Tell Me > MythBusters Lab > Food Myths > Banana Peel Fall

Banana Peel Fall



Explanation: The banana peel fall: It's a myth that got its start in the early 1900s when bananas became the most popular fruit in the United States. People would toss their scrap skins on the sidewalks, where they rotted and became slippery. Enough people slipped on the aging peels and were injured that many places enacted anti-littering laws. The myth has been a gag in slapstick comedy over the years.

Contrary to comedic genius, MythBusters found that — although the slick underside of a fresh banana skin does have some friction-reducing properties — a single peel isn't a guaranteed fall magnet. If you're determined to see some major slippage, try running on layers of peels. Putting peel upon peel reduces static friction, the force that keeps an object from moving when it goes from "stop" to "start." And the older the peels, the more slippery they will be, because the solid material decomposes into a soft, slimy texture.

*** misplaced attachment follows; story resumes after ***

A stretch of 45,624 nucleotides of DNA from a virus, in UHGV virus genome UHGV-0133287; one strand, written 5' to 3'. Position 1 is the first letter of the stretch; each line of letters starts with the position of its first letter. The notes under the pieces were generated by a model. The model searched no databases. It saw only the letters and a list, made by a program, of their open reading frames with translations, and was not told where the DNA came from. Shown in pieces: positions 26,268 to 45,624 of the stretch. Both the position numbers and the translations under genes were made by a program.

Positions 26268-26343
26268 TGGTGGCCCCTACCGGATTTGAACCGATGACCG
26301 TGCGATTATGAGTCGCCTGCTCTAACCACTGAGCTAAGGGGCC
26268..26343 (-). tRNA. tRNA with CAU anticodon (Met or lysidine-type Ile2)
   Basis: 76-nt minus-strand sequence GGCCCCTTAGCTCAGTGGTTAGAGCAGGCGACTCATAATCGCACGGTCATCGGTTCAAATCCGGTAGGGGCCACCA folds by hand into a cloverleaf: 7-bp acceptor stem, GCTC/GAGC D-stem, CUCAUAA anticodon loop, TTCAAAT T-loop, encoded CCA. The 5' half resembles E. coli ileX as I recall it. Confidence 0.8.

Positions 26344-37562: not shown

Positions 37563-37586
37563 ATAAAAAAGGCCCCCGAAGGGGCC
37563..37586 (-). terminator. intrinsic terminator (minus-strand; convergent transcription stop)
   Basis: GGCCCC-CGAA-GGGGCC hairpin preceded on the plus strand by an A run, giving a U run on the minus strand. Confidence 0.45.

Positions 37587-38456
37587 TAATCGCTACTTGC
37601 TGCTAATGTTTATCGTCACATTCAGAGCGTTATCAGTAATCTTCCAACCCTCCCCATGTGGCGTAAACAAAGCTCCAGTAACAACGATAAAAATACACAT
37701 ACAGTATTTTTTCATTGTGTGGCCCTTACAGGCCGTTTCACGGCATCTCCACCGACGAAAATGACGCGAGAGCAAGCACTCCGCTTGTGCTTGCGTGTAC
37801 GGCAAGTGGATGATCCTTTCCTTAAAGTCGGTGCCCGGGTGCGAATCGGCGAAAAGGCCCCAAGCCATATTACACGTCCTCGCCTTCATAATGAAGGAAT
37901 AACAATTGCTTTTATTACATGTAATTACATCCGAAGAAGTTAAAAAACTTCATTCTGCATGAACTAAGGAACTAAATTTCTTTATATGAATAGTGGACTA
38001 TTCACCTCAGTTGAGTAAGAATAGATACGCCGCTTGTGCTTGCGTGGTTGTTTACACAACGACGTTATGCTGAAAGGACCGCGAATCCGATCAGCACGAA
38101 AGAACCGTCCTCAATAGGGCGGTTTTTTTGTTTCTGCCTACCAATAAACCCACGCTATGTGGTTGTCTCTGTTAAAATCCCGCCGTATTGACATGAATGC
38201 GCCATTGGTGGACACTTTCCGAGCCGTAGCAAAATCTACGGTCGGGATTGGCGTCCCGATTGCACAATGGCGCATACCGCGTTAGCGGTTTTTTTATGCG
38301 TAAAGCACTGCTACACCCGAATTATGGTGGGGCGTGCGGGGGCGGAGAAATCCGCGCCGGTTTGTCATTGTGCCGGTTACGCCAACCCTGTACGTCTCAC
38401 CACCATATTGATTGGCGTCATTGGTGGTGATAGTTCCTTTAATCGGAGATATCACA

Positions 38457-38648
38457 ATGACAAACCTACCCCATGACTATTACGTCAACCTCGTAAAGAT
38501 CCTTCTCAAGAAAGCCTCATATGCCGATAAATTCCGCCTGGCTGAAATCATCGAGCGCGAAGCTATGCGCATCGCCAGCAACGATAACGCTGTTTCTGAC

Don't have a boatload of aging banana peels? No worries. With a fair amount of comedic effort, you can recreate the ol' banana peel pratfall by purposefully stepping on an old banana skin. It just isn't likely to happen by accident.

Finding: BUSTED